For nearly eight years, Larisa Pavlick worked for FDA in the Denver District, inspecting businesses throughout the Rocky Mountain region and internationally for compliance with food and dietary supplement manufacturing regulations.
“I loved my job at FDA," said Pavlick, who has 20 years of experience in the supplement industry. “I loved the people. I loved working with the industry."
But last year, the Coloradan reckoned it was time to move on from the public health agency. She sent a message to Loren Israelsen, the president of the Salt Lake City, Utah-based United Natural Products Alliance (UNPA), disclosing her plans to leave FDA.
Pavlick said she had known of Israelsen for her entire career and first worked with him about a decade ago, while the two collaborated to help a company move into compliance with cGMPs (current Good Manufacturing Practices).
Pavlick said she sent a message to Israelsen because he was well connected, so he was likely aware of open positions in the industry.
The next day, Israelsen contacted Pavlick with a job prospect: Was she interested in working for UNPA?
“I was really just looking to [say], ‘If you see anything good, let me know,’" Pavlick reflected in a phone interview. “So he said that he’d like me to work for him, and here we are."
In December, UNPA announced Pavlick had joined UNPA, an international association founded in Utah in 1991.
“My objectives, while working with UNPA, [are] to really help the members by coaching them through regulatory challenges, and helping them to learn about new impending regulatory challenges," revealed Pavlick, the association’s VP, Global Regulatory & Compliance.
It’s a professional gig that fits her personality. While inspecting facilities as an FDA investigator, Pavlick said she embraced the opportunity to help companies “understand the observations, or the deviation, and … as close as I could, give them the hints that I could to reach compliance.
“The hardest part for me was just that; I couldn’t give them the answers," Pavlick divulged.
“And when I was with the FDA, some of the problems that I saw were relatively easy to fix in that you could write a document … or you could change this procedure," she continued. “It was things that were really within reach, and some of the facilities just didn’t have the knowledge or resources to get there."
Pavlick said she was frustrated “because a lot of the times, I would just have to walk away, and I couldn’t help them."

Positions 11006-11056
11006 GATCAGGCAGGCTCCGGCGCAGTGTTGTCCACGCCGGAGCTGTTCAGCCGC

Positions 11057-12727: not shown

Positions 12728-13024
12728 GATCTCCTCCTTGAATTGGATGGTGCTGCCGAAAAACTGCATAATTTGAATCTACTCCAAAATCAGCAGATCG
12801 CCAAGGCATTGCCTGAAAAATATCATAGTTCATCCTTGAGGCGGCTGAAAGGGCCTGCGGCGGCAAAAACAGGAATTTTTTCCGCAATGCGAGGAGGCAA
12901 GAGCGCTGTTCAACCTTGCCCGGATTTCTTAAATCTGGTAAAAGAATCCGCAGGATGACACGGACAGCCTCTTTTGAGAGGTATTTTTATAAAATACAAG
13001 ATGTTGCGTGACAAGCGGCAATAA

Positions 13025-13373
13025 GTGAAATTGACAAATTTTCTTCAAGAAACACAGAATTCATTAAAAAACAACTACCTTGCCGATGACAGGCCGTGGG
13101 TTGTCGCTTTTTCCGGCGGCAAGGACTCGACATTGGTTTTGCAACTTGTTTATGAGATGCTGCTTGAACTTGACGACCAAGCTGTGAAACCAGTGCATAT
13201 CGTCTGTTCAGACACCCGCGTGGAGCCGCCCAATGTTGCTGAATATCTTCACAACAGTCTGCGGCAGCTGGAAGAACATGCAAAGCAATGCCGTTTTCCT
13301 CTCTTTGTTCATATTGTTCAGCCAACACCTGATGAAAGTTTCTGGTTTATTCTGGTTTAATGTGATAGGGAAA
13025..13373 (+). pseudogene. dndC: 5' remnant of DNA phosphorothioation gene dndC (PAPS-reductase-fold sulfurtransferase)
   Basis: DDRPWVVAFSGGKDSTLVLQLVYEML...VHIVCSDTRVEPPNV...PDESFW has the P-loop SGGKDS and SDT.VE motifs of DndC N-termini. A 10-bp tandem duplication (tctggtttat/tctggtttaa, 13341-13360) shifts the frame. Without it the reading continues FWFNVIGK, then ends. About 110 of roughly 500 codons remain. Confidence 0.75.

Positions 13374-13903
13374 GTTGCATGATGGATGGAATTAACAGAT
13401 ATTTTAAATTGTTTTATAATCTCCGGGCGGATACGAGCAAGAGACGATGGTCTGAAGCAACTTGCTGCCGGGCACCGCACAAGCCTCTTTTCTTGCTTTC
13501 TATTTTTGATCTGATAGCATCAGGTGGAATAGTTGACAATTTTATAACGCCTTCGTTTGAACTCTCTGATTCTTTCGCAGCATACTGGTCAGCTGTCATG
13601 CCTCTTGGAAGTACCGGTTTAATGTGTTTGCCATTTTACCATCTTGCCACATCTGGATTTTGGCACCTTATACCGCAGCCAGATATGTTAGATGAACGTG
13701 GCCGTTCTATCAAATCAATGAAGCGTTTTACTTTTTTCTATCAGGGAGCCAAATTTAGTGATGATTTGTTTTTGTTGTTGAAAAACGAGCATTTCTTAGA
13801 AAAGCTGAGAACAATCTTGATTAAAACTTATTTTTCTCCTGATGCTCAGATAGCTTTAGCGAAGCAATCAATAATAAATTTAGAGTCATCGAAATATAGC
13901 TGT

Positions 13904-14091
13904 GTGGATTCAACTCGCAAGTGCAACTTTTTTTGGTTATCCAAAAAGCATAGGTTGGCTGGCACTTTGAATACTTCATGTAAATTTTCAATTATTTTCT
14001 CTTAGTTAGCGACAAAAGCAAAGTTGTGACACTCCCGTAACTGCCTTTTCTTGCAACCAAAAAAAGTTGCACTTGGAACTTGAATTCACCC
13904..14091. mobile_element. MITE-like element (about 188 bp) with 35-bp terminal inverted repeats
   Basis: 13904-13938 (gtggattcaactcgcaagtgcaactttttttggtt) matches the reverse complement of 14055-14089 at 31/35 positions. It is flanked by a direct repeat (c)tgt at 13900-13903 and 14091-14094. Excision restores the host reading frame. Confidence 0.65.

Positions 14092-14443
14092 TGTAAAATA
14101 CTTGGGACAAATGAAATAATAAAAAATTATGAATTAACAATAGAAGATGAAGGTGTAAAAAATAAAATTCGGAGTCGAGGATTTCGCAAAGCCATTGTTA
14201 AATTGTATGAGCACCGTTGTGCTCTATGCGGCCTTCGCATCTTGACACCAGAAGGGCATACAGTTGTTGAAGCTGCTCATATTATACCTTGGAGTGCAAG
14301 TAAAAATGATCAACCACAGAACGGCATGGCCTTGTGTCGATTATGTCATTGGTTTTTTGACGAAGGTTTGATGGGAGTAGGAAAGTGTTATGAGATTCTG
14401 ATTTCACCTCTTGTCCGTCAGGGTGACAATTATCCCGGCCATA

In her new role at UNPA, Pavlick is focused on education and training to address regulatory requirements and upcoming changes to regulations.
Pavlick intends to hold a training session on June 27-28 in Provo, Utah. She said she plans to explore the areas of cGMPs that are reported most often as observations, or violations, in FDA Form 483 inspection reports. Her plans include helping firms write specifications for identity, purity, strength and composition, and verify the specs are being met.
“What I’m hoping to teach people is exactly what I couldn’t say from the other side," Pavlick explained.
She agreed “it’s not rocket science to write a specification, and there’s really some key elements that the investigators are looking for. And that’s what you’re seeing on the 483s.
“Using my perspective, and what I’ve experienced during my eight years at FDA," Pavlick continued, “I want to go out to industry and say, ‘This is where I saw the downfalls and this is how you fix it,’ because it really is maybe adding a paragraph to an SOP [standard operating procedure] or maybe it’s just writing the SOP."
While an FDA investigator/consumer-safety officer, Pavlick visited hundreds of manufacturing facilities, largely in Colorado, New Mexico, Utah and Wyoming. She underscored the importance of documentation from the agency’s standpoint.
“A lot of companies know what they’re doing, and they know how to make what they make," observed Pavlick, whose professional experience in the supplement industry before joining FDA ranged from purchasing raw materials to developing products to working with a third-party testing laboratory. “And at the end, they probably have a product in control, but according to FDA … they haven’t written the documents from A to B to describe it to the investigators.
“So the investigator … says wait, ‘Hey, you’re missing the process. You know you don’t have an SOP in the middle describing how you do blending, or you don’t have a time defined on how long you blend.’"
Pavlick reiterated many of the solutions to such observations by FDA investigators are within reach for companies.
“A lot of the solutions that I saw were very simple, but I don’t know if an investigator has ever been the one giving the answers," she concluded. “I kind of want to hand out the key to the test."